Study Habits The Premed Student Must Have To Guarantee Success In Medical School
There is never enough time in the day for a medical school student. Between time spent in class, studying, and fulfilling other obligations, the typical med school student is always in a rush. Unfortunately, this often means that you can’t spend as much time studying as you know you should. What to do? If you hope to succeed academically with limited study time, you need to develop impeccable study skills to maximize the precious time you have to work with. Below are several critical skills you should develop and can actually start while in your undergraduate classes:
1. Take impeccable notes. Whether you think you need to take notes or not, you do. There is simply too much information being presented for you to keep everything straight without writing it down. But haphazardly taking notes won’t cut it in med school either. Your notes need to be well organized and complete, so that when you’re staring at your notebook, bleary eyed at midnight, it won’t look like a wall of gibberish.
2. Repetition. You will spend many hours memorizing during medical school. Don’t make the mistake of thinking you can commit anything to memory in one sitting. Plan your schedule so that you can spend several study sessions memorizing concepts and facts before you’ll be tested on it. Work with a partner, create flash cards, or draw pictures to trigger your memory—whatever works for you. The important thing is that you spend the necessary time memorizing… and that you don’t try to cram it all in during one sitting.
3. Avoid procrastination like the plague. Sure, procrastination won’t kill you in high school. Procrastination might not have been a big deal while in college. But procrastination will simply not fly in medical school. There is too much information, too many details, to be crammed into your head at the last minute. And as a med school student, you have too many responsibilities to get them all done just before the deadline. If you procrastinate, you won’t get things done. You won’t have enough time to study, you won’t put in enough volunteer hours, and you won’t fulfill your other obligations. Procrastination is fatal in medical school—act accordingly.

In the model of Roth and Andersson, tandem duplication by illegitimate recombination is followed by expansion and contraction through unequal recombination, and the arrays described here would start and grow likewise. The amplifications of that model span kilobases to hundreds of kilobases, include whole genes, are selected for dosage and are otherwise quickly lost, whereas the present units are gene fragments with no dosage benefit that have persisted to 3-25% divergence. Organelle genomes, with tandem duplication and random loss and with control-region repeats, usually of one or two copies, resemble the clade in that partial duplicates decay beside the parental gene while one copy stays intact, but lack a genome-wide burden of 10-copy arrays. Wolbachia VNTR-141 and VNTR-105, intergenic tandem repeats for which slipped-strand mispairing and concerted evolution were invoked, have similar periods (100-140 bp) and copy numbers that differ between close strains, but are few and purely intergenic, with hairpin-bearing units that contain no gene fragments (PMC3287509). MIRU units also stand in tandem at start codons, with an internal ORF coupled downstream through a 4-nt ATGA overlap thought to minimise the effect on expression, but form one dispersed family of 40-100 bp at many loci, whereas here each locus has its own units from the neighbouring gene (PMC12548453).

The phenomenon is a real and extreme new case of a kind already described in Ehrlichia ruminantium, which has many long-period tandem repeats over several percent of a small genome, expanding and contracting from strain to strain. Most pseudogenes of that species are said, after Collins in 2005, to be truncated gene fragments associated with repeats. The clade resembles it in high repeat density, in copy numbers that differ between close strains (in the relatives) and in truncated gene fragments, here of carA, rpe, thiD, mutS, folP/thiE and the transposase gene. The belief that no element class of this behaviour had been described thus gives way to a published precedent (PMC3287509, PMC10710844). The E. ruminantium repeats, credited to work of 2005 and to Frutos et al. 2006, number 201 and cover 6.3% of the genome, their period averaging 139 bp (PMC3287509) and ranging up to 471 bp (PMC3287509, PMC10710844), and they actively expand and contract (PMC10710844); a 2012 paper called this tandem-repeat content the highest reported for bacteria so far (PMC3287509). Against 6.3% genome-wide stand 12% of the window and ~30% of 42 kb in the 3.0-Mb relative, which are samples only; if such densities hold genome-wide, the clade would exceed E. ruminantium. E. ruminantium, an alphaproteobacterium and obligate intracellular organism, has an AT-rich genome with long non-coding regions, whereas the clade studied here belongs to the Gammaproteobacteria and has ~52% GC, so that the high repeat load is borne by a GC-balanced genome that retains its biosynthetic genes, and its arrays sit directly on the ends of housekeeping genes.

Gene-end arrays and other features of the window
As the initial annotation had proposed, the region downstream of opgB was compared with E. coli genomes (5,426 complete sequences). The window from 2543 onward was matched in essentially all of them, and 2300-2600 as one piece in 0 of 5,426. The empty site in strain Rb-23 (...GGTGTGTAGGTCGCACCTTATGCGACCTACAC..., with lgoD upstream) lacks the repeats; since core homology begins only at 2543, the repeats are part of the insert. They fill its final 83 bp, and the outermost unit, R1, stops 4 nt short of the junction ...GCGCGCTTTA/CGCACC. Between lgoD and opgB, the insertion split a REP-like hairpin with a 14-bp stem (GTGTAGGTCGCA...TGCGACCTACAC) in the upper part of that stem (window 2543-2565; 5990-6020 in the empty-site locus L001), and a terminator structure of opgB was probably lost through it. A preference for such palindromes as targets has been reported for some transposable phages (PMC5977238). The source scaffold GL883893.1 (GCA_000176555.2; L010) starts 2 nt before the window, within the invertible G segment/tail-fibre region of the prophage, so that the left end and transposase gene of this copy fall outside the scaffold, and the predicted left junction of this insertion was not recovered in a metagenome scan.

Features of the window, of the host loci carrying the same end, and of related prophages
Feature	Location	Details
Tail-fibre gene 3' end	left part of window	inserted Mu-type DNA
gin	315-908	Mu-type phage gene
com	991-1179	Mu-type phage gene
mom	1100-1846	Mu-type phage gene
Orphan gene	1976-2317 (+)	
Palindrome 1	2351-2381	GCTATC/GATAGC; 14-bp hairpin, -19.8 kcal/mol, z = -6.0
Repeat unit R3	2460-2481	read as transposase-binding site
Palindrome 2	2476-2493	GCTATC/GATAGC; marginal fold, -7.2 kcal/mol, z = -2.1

4. Get help. If you’re lost, ask for help! Get in touch with other students or professors and ask them for help. It’s not a sign of weakness—it’s a sign of sanity. It’s unrealistic to think that you’ll be able to figure out every concept in medical school on your own, so don’t be too proud to ask for help. Forming a study group with other dedicated students is a great way to help each other out.
5. Don’t overdo it. It’s 2 AM, and you have an exam at 8 AM the next morning. You’ve spent much of the last week studying, but you’re still confused about a couple of things. Your head is spinning and your vision is starting to blur. Does this scenario sound familiar? If you haven’t experienced it yet, you will in medical school! The key is recognizing when to call it a night. It’s tempting to neglect sleep, but it’s a bad idea. A decent night’s sleep will be more valuable than a few more hours of study time—and who knows, by the time you wake up in the morning, confusing concepts may seem a bit more clear.
Medical school can be overwhelmingly difficult at times. Many students are frustrated and dismayed to learn that they literally do not have the time to study as much as they’d like—so strong study skills, such as those we’ve covered above, are critical for your success.
94 Responses to “Study Habits The Premed Student Must Have To Guarantee Success In Medical School”
Leave a Comment
Dr. Toote is a sensational premed speaker. He told us how an average college graduate applies to medical school and then he told us how an above average graduate applies. Everything I knew about the medical school application process was turned upside down. I am grateful for attending his presentation. M. G. Houston, Texas